Meet the staff and board members behind Water Watchers

We are movement organizers, communications experts, science & policy specialists, relationship-builders, and community members supported by an army of grassroots activists & volunteers working hard to protect water, ignite action to address the climate crisis, and advance justice for people & planet. 


Water Watchers Board of Directors



Rebekah Jamieson - Board Treasurer

Rebekah has lived in the Guelph and Fergus area for most of her life. As a mother, teacher and citizen, she is passionate about protecting water and educating young people. She is an avid camper and hiker who loves swimming in Ontario's freshwater lakes as often as possible, and believes that water is sacred and should be protected as a basic human right.





Jordan Thakar - Member at Large

Karen Rathwell

Jordan is a student board member, with his goal to help connect Wellington Water Watchers to students of various ages, as well as help in making scientific knowledge accessible for everyone in the fight for a more just and decolonized world. Growing up in a generation often claimed as the "Generation of Climate Anxiety" shaped the activism Jordan is a part of today. He is a 2nd-year environmental chemistry student at the University of Guelph working towards a degree in environmental law. He is very passionate about the intersectionality of environmental science and how it connects to issues such as colonialism and white supremacy. Jordan is also a member of Climate Justice Guelph focusing on creating a cohesive climate movement in the so-called "Guelph" area. He hopes to knock down the inaccessibility associated with scientific literature and ensure everyone has a fair shot in obtaining the education they need to fight against the consequences of climate destruction in their area. 


"Everyone has a right to clean water, and I believe the way to obtain this is through massive decolonization and looking to traditional ecological knowledge rather than defaulting to western science ideals."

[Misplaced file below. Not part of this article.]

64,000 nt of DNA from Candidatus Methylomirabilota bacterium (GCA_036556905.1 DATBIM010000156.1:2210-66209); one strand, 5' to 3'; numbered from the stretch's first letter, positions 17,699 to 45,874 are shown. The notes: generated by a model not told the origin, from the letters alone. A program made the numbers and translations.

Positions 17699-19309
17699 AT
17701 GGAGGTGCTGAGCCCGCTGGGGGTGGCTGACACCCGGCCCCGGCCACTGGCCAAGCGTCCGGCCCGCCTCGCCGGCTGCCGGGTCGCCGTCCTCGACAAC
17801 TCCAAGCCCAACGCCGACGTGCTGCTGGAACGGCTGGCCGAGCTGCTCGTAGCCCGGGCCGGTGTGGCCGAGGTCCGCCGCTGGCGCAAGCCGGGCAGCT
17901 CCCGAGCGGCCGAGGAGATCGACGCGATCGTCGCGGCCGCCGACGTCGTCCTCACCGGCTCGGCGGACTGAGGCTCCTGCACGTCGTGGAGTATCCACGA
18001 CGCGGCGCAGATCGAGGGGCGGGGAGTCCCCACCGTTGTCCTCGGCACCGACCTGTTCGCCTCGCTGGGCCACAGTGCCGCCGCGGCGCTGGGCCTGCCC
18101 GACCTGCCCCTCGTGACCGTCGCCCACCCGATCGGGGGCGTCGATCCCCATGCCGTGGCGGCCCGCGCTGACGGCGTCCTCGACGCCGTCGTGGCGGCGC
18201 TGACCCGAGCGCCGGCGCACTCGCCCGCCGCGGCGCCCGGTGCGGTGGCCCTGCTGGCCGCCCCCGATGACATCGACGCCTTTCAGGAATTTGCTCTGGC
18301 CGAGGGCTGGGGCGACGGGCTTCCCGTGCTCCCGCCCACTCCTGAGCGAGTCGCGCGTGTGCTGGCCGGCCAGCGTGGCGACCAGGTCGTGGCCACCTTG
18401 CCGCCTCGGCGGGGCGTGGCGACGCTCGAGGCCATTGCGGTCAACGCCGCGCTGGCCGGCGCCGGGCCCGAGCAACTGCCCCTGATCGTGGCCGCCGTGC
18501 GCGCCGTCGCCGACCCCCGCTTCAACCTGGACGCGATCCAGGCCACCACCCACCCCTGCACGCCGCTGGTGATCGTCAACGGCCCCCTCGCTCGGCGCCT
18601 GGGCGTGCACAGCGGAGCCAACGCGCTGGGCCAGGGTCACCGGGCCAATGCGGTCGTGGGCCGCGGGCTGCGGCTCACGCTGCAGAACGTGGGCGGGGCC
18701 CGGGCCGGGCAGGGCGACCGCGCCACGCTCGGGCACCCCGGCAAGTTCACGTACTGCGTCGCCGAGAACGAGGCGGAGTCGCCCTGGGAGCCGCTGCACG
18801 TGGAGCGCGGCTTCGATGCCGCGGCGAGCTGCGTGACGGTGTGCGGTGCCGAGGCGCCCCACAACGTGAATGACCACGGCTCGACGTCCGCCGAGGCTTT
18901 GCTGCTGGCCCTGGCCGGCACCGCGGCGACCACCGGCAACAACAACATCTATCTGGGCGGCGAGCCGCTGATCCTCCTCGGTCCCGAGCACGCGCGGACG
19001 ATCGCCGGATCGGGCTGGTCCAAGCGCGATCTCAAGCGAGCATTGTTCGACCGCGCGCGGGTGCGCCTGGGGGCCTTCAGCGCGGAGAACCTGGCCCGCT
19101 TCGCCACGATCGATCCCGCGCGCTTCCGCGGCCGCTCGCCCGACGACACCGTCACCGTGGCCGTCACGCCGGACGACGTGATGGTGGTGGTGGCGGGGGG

Sarah Alexander - Member at Large

Sarah Alexander

Sarah is an environmental sociologist and educator with a long-standing commitment to social and environmental justice. Sarah is passionate about projects that explore and integrate the vital role of social factors in understanding the way people interact with and perceive the environment. As a Water Watchers board member, she brings a background in community organizing and the sociology of water, as well as an abundance of energy to learn from others, a desire to make connections, and fervent support for the organization’s mission. Sarah holds bachelor’s degrees in gender studies (Wells College, Aurora, NY) and education (University of Toronto). She has an M.S. and Ph.D. in Development Sociology from Cornell University. Her master’s thesis examined the rise of the bottled water industry and the commodification of water. Her Ph.D. research explored drinking water preferences, especially factors driving the increase in consumption of bottled water in the home. Sarah is involved in numerous community projects to fight for climate justice but also has been known to enjoy a nice stroll outdoors. 

Doug Tripp - Member at Large

Susan McSherry

Doug lives in Stratford Ontario with his wife, Dee, He is a chemical engineer, an educator, and his career included 27 years as a professor and dean at Durham College, and 20 years as an independent training and management consultant, specializing in energy and environmental management. He is a member of the Board of Water Watchers as well as the Reform Gravel Mining Coalition of Ontario. Doug holds Masters Degrees in Chemical Engineering and Higher Education.




Susan Ludwig - Member at Large

Susan is an organizational and leadership development consultant, coaching leaders to increase their self-awareness and impact on team and organizational culture. She has a long-standing passion in food and water security and more recently, the intersection between environmental and social justice.